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With labor in his bones, a jack-of-all-trades calls it a career

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With labor in his bones, a jack-of-all-trades calls it a career
By Pete Levine ·
With labor in his bones, a jack-of-all-trades calls it a career
Mark Smith is pictured with former Boston Mayor and U.S. Labor Secretary Marty Walsh.

“The only ice I want to see again floats in a glass of scotch,” says Mark Smith.

After 38 years caring for the trees and grounds in Norwell, Massachusetts, having served through precisely six of the 10 worst winters his state has ever seen, and having cared for a community for nearly four decades, Smith has earned that scotch.

On the eve of his retirement (at the time of our interview, Smith is two days away from calling it a day), Smith reflected on a career that found him constantly leaning in: not only serving the southeastern Massachusetts town of Norwell, where he grew up, but to AFSCME and to the labor movement as a whole.

“I started on August 20, 1984,” recalls Smith. “It was a small department – only three workers – two guys in our 20’s and an older guy in his 60’s.”

Smith’s responsibilities included mowing the town’s grounds, maintaining graveyards, doing tree work and plowing roads. But there was another responsibility he was given: shop steward.

“They said, ‘It’s you, Smitty.’ I hadn’t paid one cent in dues yet. I had to learn the ropes.”

Smith would go on to learn not only what it takes to keep a town thriving, but also what it means to be a member of a union and what unions fight for.

The man who would become the foreman of Norwell’s Trees and Grounds Department would study welding, procurement, arboriculture, and more. He’d become a jack-of-all-trades as he watched – and helped – the once-bucolic town expand and flourish.

Winters would find him clocking countless hours of overtime, scouring Norwell’s roads in his truck, chainsaw at his side, dumping his share of the 5,000 tons of salt a year his team distributed.

He would relish the friendships he made among other laborers and the traditions they held dear, traditions particularly strong in Massachusetts.

Smith speaks with pride, for example, about his membership to the Southeastern Massachusetts Tree Warden and Arborists’ Association (he would go on to serve a president in 2016 and 2017), where those charged with preserving the region’s trees could geek out on fungi and tree pests.

Joining the Boston Labor Guild in 1999 gave Smith a chance to learn everything “labor” under the sun, which ranged from contract negotiations to how to be a better steward, developing deep ties to his state’s labor community.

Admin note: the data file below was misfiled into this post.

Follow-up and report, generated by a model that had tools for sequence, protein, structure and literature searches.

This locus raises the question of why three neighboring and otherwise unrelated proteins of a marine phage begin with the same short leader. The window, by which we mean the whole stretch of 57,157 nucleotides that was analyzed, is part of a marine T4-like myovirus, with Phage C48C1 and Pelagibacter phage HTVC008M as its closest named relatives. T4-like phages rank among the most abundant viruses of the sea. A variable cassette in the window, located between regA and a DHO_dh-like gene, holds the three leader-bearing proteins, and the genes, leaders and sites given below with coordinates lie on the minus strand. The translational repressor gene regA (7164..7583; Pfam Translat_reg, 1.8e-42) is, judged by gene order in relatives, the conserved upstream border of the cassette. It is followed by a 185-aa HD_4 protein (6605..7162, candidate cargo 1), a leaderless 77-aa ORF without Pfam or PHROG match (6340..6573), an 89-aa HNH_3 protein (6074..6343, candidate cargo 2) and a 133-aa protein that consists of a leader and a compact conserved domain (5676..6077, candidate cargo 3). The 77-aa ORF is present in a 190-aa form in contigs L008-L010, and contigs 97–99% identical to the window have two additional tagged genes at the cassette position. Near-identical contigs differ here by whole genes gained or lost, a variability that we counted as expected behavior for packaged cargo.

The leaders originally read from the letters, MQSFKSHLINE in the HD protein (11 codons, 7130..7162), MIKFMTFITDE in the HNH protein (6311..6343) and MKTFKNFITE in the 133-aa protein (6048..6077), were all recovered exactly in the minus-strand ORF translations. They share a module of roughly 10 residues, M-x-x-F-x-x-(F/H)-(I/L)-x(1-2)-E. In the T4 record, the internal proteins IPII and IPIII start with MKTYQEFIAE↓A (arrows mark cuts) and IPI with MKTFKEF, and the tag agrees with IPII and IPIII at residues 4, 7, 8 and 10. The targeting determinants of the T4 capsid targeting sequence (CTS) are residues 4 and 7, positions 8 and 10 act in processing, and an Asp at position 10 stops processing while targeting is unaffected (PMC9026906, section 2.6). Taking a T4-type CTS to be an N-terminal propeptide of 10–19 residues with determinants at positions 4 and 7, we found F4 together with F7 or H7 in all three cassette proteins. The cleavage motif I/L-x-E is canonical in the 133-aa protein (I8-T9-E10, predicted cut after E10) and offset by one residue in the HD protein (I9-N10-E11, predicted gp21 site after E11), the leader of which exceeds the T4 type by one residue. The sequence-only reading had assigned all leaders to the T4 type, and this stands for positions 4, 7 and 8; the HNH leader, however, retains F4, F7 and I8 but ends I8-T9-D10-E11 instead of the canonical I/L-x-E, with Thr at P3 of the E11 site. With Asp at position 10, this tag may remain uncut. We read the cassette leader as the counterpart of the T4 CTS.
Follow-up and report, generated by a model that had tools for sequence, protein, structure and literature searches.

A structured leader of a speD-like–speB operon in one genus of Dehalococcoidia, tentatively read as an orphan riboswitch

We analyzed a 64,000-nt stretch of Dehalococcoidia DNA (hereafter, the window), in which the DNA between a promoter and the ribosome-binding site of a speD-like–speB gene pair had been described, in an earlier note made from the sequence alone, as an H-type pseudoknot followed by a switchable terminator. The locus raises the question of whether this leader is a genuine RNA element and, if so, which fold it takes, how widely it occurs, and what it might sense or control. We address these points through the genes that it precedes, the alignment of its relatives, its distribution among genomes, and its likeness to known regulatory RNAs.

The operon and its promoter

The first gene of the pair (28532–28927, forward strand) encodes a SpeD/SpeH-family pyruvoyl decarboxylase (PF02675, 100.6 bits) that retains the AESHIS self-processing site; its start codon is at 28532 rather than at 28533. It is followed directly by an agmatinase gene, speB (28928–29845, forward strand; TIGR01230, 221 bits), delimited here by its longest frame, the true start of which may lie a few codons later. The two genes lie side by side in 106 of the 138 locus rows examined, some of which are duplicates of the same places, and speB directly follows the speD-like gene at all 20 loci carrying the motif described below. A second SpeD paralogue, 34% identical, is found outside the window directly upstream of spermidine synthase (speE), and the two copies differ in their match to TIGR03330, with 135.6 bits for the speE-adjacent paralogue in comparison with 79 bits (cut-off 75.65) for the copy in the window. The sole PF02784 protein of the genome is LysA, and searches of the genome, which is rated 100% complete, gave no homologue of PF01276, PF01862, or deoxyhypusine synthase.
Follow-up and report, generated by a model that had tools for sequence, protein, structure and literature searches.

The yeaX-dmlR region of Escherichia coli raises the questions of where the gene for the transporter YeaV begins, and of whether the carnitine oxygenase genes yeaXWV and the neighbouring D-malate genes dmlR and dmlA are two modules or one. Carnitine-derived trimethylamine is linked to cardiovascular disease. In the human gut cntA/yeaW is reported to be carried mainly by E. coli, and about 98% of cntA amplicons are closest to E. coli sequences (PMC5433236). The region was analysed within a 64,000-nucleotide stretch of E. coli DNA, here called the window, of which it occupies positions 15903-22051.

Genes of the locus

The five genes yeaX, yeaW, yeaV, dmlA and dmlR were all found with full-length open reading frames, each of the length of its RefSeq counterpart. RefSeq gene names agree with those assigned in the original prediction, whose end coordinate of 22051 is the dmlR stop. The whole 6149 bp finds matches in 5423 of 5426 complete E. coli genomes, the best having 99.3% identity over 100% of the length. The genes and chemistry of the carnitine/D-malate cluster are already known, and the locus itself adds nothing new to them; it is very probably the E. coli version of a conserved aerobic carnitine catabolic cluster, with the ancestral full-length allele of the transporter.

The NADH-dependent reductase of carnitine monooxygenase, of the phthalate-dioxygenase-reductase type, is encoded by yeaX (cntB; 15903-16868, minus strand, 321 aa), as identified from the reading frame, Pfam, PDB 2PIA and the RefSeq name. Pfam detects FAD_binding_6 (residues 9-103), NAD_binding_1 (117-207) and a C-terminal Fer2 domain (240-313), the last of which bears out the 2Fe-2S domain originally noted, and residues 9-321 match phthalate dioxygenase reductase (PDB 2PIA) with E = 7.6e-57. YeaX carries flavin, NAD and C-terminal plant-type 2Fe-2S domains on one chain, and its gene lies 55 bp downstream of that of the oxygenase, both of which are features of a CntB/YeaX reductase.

Smith recalls the terror he felt attending an early event and watching someone give a valedictory speech in front of 200 people. Little did he know that years later, he would serve as president of the Guild, giving that same valedictory speech in front of 900 people.

He’s passed on the lessons he’s learned onto others, including Jeffrey Hamilton, who works for Norwell’s Highway Department and who nominated Smith for AFSCME’s Never Quit Service Award.

“Mark is a once-in-a-generation employee,” wrote Hamilton, in his nomination of Smith. “His work ethic for perfection during a normal work day to stamina and leadership during storm cleanups and winter operations is something I clung to as a new employee.”

Hamilton acknowledges the void that will be left when Smith retires, but adds, “His imprint … will be one we can pass down in his honor.”

Though he was thrown into the role of shop steward, Smith would come to learn the value and the power of his union, AFSCME Local 1700 (Council 93), where he would play a variety of roles over the next 25 years, including five years as an executive board member, 12 years as vice president and where he currently serves as the treasurer.

“People say ‘What’s the union done for me?’ But I tell them: the union isn’t something that’s up in the sky on a cloud. You have to look in the mirror. You’re looking at the union. The individual is like a finger; come together as a union, it becomes a fist.”

Smith has been a part of that fist from the beginning – in Massachusetts and elsewhere.

At one AFSCME convention, he spoke to members from Wisconsin, and after hearing about their plight with then-Gov. Scott Walker, Smith would eventually travel to that state many times to fight Walker’s attempt to destroy public sector unions there.

“I tried to get there three or four times a year. On my time and my dime. If you don’t do it, who else will?” asks Smith. “You have to put heart into everything you do.”

While Smith may be retiring, he’s not done serving his union. He has another two-year stint on Local 1700’s executive board.

“I’m like a bad penny,” he jokes. “I never seem to go away.”

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